I want to be my own boss
When people who are looking to start their own business are asked why they want to do that, by a great margin they say “To be my own boss.”
Too many prospective small business owners really believe that they will have no one to answer to and they can finally make money without the pressure of answering to anyone but themselves.
But everyone has bosses. The small business owner does not just have the one in the office down the hall, but has many.
The customer is their boss. If the small business owner does not provide a product or service that the public wants, they will not stay in business. And the problem is that customers are fickle; the small business owner needs to know what they want today, but also has to guess what they might want tomorrow. Asking the customer may help, but fashions and trends change so fast that often the customer doesn’t even know what they will want at the time the small business owner needs to make the investment in product. Customers have the right to be a boss; after all, because it is their money they are spending.
The lender is their boss. It doesn’t matter a great deal if the lender is a friend, family member or a professional lender; they will want to protect their investment not only with an initial note, but with continuous information about how the business is doing. Often the decision to continue to finance a business will be based not only on the information but the willingness of the small business owner to share that information. Lenders have the right too be the boss; after all, because it is their money.
The government is their boss. IRS, OSHA, EPA and a whole alphabet soup of federal, state and local agencies have rules that are not designed to impede the small business, but designed to provide safe products, a safe workplace and to pay for the governmental services that the small business gets such as fire, police and roads. Governments have the right to impose restrictions because it is their responsibility to protect and serve the general public as well as the small business owner.
Employees are their boss. This seems to be a contradiction, but without competent, well trained employees the small business can’t exist and/or grow. The small business owner has a responsibility to provide not just wages but health care, insurance, a safe workplace and other amenities that employees expect to have. Employees have rights by law and by the very fact that their work is needed for the small business to succeed.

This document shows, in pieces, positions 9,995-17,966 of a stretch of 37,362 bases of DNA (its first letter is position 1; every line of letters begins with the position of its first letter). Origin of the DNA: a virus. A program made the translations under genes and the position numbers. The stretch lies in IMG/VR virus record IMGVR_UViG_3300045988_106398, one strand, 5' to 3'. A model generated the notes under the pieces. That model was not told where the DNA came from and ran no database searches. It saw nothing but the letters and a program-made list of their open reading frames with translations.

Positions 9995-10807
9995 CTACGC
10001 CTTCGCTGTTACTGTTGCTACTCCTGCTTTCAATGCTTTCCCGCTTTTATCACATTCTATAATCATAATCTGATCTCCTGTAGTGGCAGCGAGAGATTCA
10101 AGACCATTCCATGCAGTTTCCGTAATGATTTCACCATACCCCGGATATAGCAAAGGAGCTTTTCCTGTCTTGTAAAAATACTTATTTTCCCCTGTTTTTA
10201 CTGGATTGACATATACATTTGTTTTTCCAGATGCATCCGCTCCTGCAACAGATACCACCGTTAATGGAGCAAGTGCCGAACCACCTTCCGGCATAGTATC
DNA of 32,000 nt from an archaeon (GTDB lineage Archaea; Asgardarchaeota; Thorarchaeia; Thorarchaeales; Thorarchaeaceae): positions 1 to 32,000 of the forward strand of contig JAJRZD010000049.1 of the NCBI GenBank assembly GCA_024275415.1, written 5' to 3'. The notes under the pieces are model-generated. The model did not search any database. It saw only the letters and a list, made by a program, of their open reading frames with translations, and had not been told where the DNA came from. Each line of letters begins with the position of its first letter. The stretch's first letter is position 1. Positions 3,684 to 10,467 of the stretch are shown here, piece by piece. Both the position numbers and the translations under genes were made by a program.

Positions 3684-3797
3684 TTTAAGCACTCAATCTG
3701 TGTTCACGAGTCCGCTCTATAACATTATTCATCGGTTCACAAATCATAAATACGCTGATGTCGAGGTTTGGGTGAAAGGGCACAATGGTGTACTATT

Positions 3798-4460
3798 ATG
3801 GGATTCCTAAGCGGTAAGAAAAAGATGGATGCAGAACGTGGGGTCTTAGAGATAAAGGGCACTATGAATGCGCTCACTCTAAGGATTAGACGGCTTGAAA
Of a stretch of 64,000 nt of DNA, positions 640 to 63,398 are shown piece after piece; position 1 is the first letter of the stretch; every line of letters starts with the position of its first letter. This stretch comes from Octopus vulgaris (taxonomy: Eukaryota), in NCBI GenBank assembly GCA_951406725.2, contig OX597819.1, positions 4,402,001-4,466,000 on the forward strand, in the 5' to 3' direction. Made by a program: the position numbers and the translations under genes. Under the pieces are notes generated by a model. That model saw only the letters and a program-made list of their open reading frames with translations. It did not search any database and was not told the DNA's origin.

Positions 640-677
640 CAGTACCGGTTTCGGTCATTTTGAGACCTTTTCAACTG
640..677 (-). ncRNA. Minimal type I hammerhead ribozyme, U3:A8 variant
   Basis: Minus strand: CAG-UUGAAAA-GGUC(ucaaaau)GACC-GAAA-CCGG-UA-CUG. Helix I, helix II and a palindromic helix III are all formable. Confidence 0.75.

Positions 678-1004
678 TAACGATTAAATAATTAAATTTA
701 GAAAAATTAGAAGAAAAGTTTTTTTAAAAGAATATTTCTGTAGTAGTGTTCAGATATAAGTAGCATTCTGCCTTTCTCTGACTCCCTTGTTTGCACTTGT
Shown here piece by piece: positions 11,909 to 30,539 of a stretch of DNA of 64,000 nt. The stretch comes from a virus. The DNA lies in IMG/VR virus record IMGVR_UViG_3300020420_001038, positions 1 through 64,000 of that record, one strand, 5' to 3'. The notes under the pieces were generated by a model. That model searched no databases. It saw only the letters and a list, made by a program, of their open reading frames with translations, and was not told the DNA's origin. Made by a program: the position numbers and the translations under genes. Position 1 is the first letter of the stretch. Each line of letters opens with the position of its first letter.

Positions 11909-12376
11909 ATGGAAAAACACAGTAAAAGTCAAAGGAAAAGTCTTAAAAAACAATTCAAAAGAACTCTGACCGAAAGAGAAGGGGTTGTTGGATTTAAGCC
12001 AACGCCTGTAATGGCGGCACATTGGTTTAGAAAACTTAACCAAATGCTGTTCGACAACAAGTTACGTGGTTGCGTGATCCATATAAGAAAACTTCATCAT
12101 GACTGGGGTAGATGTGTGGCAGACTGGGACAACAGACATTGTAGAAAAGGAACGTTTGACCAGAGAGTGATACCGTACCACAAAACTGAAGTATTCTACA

Suppliers are their boss. The small business owner can’t provide the customer with the product of service they want all alone. They need products and services that are supplied by others. Often suppliers do not provide the small business owner with the right products or on a timely basis or at a price they expected. Suppliers have the right to be the boss, because the small business needs them and often they are often small businesses themselves.
Family is their boss. The small business owner will find that they will, at least initially, work longer hours for less take home money than they would when working a salary. Regardless of how much it is discussed, at some point someone significant will ask, “And why is this better?” Family member have a right to be the boss because the small business owner agreed that their welfare was their responsibility; often before they decided to own a business.
If you really believe by starting your own business you are not going to have any bosses, you aren’t in the right frame of mind to start one. Understanding that you have bosses and understanding how to deal with them is a major step in the decision making process of starting a new small business. The ultimate responsibility is yours. You can make all the bad decisions you want; after all you are the boss.
By Mel Aanerud
Former Assistant District Director of the United States Small Business Administration